Yes! And that is why the vertical aviation fleet is expanding.

As you may know, we rebranded as Vertical Aviation International (VAI) in February, making the announcement at our association’s conference and trade show, HAI HELI-EXPO 2024. But whatever name is on our letterhead, our purpose is to serve our membership, and I want to make clear what our rebrand means for you, our members.

James Viola

The first thing most people will notice is that our name no longer has the word “helicopter” in it. Does that mean we are moving away from our 75 years of proud service to the helicopter industry? Not in the least!

The unique capabilities of helicopters, including their ability to hover, land in confined spaces, and access remote locations, make them indispensable assets to communities around the world. From transporting critical medical supplies to providing aerial support during natural disasters, helicopters serve as lifelines in times of need.

As part of our 75th anniversary celebration in 2023, we identified 44 unique missions that helicopters perform, including helping farmers put food on our tables, monitoring the condition of our infrastructure, and maintaining the power grid. Nicole Battjes, VAI Board chair, summed up our industry’s role perfectly in the title of her first column as chair: “Vertical Aviation Is Vital.”

We rebranded to embrace a vertical aviation fleet that is expanding and diversifying. If the past 75 years have demonstrated any truth about vertical aviation operations, it is that we need a variety of aircraft to serve those 44 distinct missions. This is not a “one-size-fits-all” industry.

I look forward to seeing electric vertical takeoff and landing (eVTOL) vehicles moving to the flight line, but it will be many, many years before an eVTOL aircraft can lift, carry, and drop 12 tons of water on a wildfire. On the other hand, a Chinook is probably not the most economical ride for carrying a handful of passengers over a short distance. The aviation industry is always looking for ways to increase operational efficiency, and expanding the fleet is about creating more options, not fewer.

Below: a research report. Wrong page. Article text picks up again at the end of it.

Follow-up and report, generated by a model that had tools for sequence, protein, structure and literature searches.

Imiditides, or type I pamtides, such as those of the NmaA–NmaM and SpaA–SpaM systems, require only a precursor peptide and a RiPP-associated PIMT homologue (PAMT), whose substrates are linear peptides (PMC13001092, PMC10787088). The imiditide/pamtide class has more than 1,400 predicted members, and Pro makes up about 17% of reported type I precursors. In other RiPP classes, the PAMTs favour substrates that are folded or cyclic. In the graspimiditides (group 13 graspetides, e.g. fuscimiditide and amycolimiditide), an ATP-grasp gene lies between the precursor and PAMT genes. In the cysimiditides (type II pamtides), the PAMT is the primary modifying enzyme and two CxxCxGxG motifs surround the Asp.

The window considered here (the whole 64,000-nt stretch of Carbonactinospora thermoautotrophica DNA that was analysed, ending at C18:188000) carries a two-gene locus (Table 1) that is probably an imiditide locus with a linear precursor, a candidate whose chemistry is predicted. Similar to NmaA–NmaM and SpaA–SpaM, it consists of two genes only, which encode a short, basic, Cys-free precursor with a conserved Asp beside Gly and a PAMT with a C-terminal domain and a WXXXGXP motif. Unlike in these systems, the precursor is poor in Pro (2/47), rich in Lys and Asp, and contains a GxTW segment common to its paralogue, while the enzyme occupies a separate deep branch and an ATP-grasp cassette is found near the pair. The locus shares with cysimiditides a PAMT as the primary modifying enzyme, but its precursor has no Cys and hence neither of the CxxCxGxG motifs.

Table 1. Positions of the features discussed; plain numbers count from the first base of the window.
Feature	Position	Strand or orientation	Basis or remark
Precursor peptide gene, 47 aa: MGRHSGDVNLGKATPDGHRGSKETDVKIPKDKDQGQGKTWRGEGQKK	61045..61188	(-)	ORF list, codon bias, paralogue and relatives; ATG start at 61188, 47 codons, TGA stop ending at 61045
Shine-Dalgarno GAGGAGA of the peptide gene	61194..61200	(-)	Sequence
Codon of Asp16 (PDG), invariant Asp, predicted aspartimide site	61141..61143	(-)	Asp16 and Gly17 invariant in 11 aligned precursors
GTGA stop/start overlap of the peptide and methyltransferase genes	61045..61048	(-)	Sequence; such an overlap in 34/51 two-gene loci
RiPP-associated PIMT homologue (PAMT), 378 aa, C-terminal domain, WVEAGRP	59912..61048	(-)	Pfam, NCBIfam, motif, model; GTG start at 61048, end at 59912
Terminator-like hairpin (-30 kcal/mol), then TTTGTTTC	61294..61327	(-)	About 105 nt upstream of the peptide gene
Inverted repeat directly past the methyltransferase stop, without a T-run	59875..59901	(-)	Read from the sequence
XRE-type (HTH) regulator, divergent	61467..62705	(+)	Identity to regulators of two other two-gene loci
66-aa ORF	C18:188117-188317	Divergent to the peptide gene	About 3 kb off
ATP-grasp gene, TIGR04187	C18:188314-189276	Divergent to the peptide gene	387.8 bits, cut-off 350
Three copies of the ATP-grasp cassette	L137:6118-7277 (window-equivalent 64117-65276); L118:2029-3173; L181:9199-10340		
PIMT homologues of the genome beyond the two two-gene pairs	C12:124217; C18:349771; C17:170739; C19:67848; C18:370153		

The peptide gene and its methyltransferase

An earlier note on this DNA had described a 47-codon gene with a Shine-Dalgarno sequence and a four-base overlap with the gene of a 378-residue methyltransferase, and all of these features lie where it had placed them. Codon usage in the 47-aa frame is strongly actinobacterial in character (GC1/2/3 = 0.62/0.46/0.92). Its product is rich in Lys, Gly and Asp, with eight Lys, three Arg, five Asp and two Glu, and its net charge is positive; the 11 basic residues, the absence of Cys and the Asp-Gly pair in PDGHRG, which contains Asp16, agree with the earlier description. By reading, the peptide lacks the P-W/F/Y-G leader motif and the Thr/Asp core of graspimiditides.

Helicopters epitomize the versatility of vertical aviation, performing many essential missions that support our daily lives. And when life goes sideways, they are there to provide the emergency services that only vertical aviation aircraft can accomplish. That is why new types of vertical flight aircraft are in development. Helicopters are such vital technology that they have made a convincing case for the utility of all vertical aviation aircraft.

VAI’s rebrand expands the association’s scope to encompass all facets of vertical aviation so that we will be better positioned to address the diverse needs, challenges, and opportunities facing the vertical aviation ecosystem. See “AAM’s Infrastructure Promise” for an example of how VAI’s vision of a unified vertical aviation ecosystem will benefit all our members.

VAI takes immense pride in representing the diverse community of professionals worldwide who build, operate, maintain, supply, and support helicopters and other vertical-capable aircraft. Our association remains firmly committed to advocating for the interests of you, our members, and ensuring that your voices are heard, your contributions are recognized, and your interests are protected.

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James Viola

James Viola

James A. Viola is VAI’s president and CEO. After a career as a US Army aviator, he joined the FAA, where he served as director of the Office of General Aviation Safety Assurance before joining VAI. A dual-rated pilot, James holds ATP ratings in both airplanes and helicopters and is a CFII. James can be contacted at [email protected].